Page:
ALEX CHADWICK, host:

This is DAY TO DAY. I'm Alex Chadwick.

Coming up, a wheelchair rugby player on a new documentary that follows his team's journey to the Athens Paralympics.

First, a real estate mystery: Why would one of the best houses in one of the nicest neighborhoods in Los Angeles stand empty year after year, especially if it's the mayor's mansion? We sent DAY TO DAY's Karen Grigsby Bates there to check the curb appeal.

KAREN GRIGSBY BATES reporting:

Unless you're Steven Spielberg or the ruler of a small country with really large oil reserves, the housing market in Los Angeles is, as some Angelenos might say, `way expensive.' So then how come when it's so hard to buy anything reasonable, there's a perfectly gorgeous house in the middle of Los Angeles that's going begging?

Ms. CAROLYN RAMSAY (Neighborhood Historian): I'm Carolyn Ramsay. I was the president of the Windsor Square Association, which is the neighborhood association in Los Angeles. And we're walking through the neighborhood right now. We're walking toward the mayor's residence.

BATES: Neighborhood historian Carolyn Ramsay is escorting me over to Getty House. It's the mayor's official residence in the Windsor Square section of Los Angeles. In this community of graceful old homes on shady streets with wide green lawns, Getty House doesn't stick out; it looks like all its expensive neighbors. Mayor Tom Bradley actually lived here for 16 years, but he was the first and last mayor to call it home. Then came multimillionaire businessman-philanthropist Richard Riordan. Ramsay says people understood when he didn't move it.

Ms. RAMSAY: It's amazing. It is not discussed in the neighborhood as a negative thing, because when Mayor Riordan chose not to live here, he had some fabulous spread in Bel Air. Nobody expected him to give up his Bel Air mansion to move to the neighborhood.

BATES: Riordan's big house was, after all, `way bigger' than their big houses. But the mayor gave the city a little gift. His wife, Nancy, put together a committee and raised $2 million for the Getty Foundation to overhaul Getty House, named for the billionaire oil baron who also chose not to live in it, and make it ready for subsequent mayors.

The next mayor, James Hahn. promptly announced he wasn't moving from his neighborhood, either, but the neighbors still weren't upset. Carolyn Ramsay.

Ms. RAMSAY: Well, he has small children, and San Pedro is really far from here so he would have had to pull his children out of school to live in the mayor's residence. And I don't think anybody really expected him to do that.

BATES: So Hahn used it for receptions and other official activities.

Last week, we got a new mayor and guess what? Antonio Villaraigosa has also said `No, thanks' to moving into Getty House. He says his family will `make use' of the mansion, but his youngest children want to stay near their schools and friends. The neighbors' reaction? Again, no hard feelings. Carolyn Ramsay.

Ms. RAMSAY: I think that there are many reasons that the neighborhood feels connected to the Getty House and feels proud of the Getty House without having a proprietary feeling about the mayor living there or, you know, feeling insulted that the mayor does not live there.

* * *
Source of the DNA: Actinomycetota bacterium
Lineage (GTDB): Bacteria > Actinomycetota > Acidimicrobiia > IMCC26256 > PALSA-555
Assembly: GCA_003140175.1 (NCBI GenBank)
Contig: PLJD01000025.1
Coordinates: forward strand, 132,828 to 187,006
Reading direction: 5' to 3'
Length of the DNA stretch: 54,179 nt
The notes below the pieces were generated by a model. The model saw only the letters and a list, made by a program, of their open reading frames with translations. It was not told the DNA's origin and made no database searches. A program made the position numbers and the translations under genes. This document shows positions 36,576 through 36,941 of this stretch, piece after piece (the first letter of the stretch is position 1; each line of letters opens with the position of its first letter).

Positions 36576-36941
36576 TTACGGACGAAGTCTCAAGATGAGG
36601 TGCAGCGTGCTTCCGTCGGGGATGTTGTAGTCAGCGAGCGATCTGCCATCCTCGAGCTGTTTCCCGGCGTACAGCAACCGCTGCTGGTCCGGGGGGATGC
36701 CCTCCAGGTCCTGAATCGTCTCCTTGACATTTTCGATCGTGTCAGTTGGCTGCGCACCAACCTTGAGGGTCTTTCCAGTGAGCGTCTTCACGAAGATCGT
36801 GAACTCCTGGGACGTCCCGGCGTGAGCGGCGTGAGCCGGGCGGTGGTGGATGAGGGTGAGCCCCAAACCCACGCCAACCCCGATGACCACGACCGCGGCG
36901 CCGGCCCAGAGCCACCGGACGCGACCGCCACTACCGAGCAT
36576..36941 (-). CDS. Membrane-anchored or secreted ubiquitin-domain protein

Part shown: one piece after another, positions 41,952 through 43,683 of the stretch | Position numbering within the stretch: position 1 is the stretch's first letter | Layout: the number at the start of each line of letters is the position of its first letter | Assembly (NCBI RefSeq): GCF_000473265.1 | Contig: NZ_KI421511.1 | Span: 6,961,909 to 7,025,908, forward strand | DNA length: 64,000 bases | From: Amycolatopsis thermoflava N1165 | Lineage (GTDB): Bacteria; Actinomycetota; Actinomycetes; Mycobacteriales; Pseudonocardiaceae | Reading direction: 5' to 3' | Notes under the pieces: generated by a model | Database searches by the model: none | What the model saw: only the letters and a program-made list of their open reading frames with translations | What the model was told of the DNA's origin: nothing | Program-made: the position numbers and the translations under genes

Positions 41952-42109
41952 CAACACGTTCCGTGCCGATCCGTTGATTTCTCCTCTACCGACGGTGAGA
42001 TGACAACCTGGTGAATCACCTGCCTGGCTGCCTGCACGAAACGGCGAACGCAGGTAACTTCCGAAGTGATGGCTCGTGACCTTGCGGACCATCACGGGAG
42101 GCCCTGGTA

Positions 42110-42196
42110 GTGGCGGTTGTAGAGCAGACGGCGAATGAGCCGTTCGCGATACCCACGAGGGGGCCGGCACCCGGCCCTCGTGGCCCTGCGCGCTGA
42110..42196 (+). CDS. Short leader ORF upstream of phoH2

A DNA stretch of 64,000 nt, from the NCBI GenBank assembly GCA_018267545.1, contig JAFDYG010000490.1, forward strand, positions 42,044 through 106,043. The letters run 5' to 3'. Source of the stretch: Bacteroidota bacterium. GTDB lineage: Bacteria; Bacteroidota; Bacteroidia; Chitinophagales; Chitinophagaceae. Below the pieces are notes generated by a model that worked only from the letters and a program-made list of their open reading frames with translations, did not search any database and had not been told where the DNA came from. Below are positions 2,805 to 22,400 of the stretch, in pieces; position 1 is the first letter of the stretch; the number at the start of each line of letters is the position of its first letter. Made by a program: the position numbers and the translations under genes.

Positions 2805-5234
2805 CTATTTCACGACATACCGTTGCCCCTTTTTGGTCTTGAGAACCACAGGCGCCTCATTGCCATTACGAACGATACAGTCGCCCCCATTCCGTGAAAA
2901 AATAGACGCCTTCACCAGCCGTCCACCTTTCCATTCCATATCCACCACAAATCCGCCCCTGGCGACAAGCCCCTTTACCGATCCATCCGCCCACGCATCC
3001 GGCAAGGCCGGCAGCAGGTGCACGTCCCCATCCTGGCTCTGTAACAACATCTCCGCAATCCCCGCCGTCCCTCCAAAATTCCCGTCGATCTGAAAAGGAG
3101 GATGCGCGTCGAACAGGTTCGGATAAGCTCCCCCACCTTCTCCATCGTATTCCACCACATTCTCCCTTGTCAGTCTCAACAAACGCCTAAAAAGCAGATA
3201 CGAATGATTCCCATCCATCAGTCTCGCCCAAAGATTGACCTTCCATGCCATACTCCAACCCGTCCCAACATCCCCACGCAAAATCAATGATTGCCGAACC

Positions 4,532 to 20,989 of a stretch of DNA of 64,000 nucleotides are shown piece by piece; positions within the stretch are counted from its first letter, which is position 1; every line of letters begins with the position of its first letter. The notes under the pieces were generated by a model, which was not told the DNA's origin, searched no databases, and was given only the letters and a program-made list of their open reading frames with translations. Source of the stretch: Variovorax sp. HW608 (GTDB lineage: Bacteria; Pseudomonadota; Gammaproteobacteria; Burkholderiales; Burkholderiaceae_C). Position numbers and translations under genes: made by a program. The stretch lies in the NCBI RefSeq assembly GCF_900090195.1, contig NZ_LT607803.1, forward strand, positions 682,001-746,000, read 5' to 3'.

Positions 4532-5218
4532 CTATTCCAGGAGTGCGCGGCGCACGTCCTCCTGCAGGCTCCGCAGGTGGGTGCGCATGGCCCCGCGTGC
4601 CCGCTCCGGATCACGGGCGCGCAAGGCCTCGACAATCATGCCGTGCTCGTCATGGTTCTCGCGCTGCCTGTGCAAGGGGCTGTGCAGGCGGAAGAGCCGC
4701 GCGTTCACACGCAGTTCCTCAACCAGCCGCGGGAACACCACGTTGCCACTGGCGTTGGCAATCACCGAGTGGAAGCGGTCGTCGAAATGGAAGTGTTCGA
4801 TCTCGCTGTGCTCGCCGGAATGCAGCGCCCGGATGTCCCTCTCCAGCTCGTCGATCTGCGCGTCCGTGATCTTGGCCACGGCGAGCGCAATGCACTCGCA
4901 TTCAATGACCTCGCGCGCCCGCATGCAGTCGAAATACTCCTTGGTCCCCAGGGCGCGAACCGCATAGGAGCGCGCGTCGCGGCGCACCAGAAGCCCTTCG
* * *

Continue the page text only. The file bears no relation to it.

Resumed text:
BATES: Despite that, the 10,000-square-foot home--corner double lot, people, deep gardens, private wine cellar--isn't empty during the day, especially on Wednesdays.

(Soundbite of crowd noise)

BATES: Susan Caputo is executive director of Getty House Foundation, and during a recent tour for corporate benefactors, she invited us along. Getty House, Caputo says, remains important whether or not the mayor sleeps there.

Ms. SUSAN CAPUTO (Executive Director, Getty House Foundation): Los Angeles is one of four cities nationally that has a mayoral residence. There's Gracie Mansion in New York, the Manoogian Mansion in Detroit, Los Angeles has Getty House and then the city of Denver has just recently acquired a home for their mayor.

BATES: Here at Getty House each week, Caputo and other volunteers escort classes of fourth-graders though the mansion. They explain its history as a reflection of Los Angeles' history. On the sunny fourth floor, in the home gym that functions as an ad hoc classroom, Caputo runs through the curriculum.

Ms. CAPUTO: And we teach them a little bit about the city flag, the city seal, who their mayor is, who their City Council representative is, where the name of our city came from--which is, right here on the board, El Pueblo de Nuestra Senora la Reina de los Angeles Porciuncula.

BATES: Wow, that's a mouthful. But even if they don't remember their city's complete name, children do remember that they visited the mayor's house. And who knows? One of these kids might run for mayor in the future and win, and actually live here. Karen Grigsby Bates, NPR News, Los Angeles.

CHADWICK: Those pictures not clear enough of the LA mayor's mansion and the gardens? You can go to our Web site and see real pictures there at npr.org.

Thank you, Karen.

(Soundbite of music)

CHADWICK: I'm Alex Chadwick. More just ahead on DAY TO DAY from NPR News.

Copyright © 2005 NPR. All rights reserved. Visit our website terms of use and permissions pages at www.npr.org for further information.

NPR transcripts are created on a rush deadline by a contractor for NPR, and accuracy and availability may vary. This text may not be in its final form and may be updated or revised in the future. Please be aware that the authoritative record of NPR’s programming is the audio.

Comments

 

Please keep your community civil. All comments must follow the NPR.org Community rules and terms of use, and will be moderated prior to posting. NPR reserves the right to use the comments we receive, in whole or in part, and to use the commenter's name and location, in any medium. See also the Terms of Use, Privacy Policy and Community FAQ.